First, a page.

Icy bridges, a winter weather hazard that's often underestimated, cause more injuries and fatalities than tornadoes, lighting and floods combined each year.
Slick, slippery bridge surfaces often come as a surprise as ice on a bridge may be invisible to the driver. Because vehicles can hit the icy bridge surface without warning, accidents frequently happen at full highway speed — making them particularly dangerous.
In order to avoid crashes and stay safe while crossing bridges this winter, fleet drivers should keep the following in mind:
- Stay aware of the weather: Always listen to the reports in your area and if your route covers a lot of distance, make sure to check the weather for your planned destination in advance.
- Understand the difference between sand and salt: If you live in a region that uses sand versus salt on roads and bridges, it is all the more important to drive with caution. Sanded bridges are likely to be slicker because sand does not melt ice.
- Know the warning signs of an icy bridge: Any precipitation when temperatures are near or below freezing could cause ice to form on a bridge. In addition, if ice is forming on your mirrors and windshield, chances are it is forming on any bridges you approach as well.
- Reduce your speed: When approaching an icy bridge, slow down; moving at a higher speed means you are more likely to hit a patch of ice and lose control.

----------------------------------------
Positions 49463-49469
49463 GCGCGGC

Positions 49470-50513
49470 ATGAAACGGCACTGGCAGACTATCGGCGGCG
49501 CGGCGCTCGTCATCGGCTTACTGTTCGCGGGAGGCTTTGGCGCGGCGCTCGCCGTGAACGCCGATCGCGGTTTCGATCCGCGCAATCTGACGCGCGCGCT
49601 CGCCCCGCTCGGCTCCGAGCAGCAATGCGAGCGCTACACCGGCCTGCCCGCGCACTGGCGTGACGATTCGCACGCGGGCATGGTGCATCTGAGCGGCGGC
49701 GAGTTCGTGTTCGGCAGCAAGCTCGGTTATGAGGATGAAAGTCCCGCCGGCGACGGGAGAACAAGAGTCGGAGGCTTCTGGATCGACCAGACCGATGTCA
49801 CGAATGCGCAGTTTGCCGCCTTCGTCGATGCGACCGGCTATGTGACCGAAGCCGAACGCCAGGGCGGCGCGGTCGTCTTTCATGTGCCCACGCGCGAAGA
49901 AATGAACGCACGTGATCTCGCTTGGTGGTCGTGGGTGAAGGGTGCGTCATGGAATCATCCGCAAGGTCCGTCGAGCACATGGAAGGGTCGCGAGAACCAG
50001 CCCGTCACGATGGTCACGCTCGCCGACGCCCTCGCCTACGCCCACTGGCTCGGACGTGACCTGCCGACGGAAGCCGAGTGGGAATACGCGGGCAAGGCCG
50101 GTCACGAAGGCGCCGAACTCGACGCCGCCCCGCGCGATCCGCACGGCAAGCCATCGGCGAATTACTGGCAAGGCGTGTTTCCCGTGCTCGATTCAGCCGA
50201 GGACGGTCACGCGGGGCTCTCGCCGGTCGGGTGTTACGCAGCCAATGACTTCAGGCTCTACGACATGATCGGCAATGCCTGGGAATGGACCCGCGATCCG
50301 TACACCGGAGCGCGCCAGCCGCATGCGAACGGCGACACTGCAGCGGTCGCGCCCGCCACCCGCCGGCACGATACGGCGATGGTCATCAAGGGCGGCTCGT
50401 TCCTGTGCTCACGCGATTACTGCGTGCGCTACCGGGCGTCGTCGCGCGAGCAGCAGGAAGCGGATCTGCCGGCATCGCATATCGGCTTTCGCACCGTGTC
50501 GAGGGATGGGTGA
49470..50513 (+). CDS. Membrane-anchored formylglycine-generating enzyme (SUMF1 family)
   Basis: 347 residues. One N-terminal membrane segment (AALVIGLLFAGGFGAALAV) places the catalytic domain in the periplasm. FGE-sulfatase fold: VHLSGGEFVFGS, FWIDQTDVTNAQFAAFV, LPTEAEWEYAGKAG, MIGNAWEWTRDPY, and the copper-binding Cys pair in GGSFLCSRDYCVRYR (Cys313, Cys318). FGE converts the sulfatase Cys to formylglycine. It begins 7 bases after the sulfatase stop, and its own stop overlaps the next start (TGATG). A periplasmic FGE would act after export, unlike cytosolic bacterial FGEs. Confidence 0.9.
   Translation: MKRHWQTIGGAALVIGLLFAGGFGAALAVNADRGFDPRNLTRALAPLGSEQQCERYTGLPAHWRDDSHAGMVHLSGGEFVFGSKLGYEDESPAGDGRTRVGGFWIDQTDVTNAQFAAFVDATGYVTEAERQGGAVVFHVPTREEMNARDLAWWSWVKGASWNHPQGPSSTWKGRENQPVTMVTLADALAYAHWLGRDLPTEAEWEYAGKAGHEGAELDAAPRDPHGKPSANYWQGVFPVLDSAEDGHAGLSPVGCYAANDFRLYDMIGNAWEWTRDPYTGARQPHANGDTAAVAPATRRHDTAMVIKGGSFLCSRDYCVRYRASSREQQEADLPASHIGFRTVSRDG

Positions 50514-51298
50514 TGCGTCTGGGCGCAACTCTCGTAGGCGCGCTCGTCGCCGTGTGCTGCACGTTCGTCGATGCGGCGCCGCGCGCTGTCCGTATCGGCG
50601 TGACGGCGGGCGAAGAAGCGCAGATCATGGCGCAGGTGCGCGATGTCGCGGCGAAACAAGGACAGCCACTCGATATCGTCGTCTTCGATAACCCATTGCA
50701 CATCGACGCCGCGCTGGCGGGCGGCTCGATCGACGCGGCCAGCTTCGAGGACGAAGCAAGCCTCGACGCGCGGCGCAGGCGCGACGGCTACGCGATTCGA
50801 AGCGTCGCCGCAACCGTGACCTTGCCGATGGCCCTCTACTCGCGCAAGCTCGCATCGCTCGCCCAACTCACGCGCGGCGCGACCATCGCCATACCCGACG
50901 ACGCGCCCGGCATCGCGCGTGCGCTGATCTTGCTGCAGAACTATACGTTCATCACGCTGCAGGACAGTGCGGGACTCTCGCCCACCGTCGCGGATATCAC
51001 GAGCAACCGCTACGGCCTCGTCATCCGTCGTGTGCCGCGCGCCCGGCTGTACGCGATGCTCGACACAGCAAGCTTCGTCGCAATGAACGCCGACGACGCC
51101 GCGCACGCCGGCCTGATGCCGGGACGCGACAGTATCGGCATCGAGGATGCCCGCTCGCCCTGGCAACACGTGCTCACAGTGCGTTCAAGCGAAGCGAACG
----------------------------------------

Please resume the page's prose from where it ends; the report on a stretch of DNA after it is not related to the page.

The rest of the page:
- Avoid braking, changing lanes, or accelerating on the bridge: If the bridge is icy, any sudden moves can make your vehicle slip, slide and spin.
If you do slide or have an accident on an icy bridge, follow these steps:
- Turn into the slide: Don't panic and gently turn into the slide to regain control of your vehicle.
- Be aware of other vehicles: If you hit an ice patch on a bridge, chances are good that other vehicles will, too, so stay aware of what is happening around you.
- Never exit your vehicle on an icy bridge: Leaving the vehicle leaves you open to being hit by another vehicle. Stay put and try to move your vehicle out of the way of traffic.
Originally posted on Automotive Fleet
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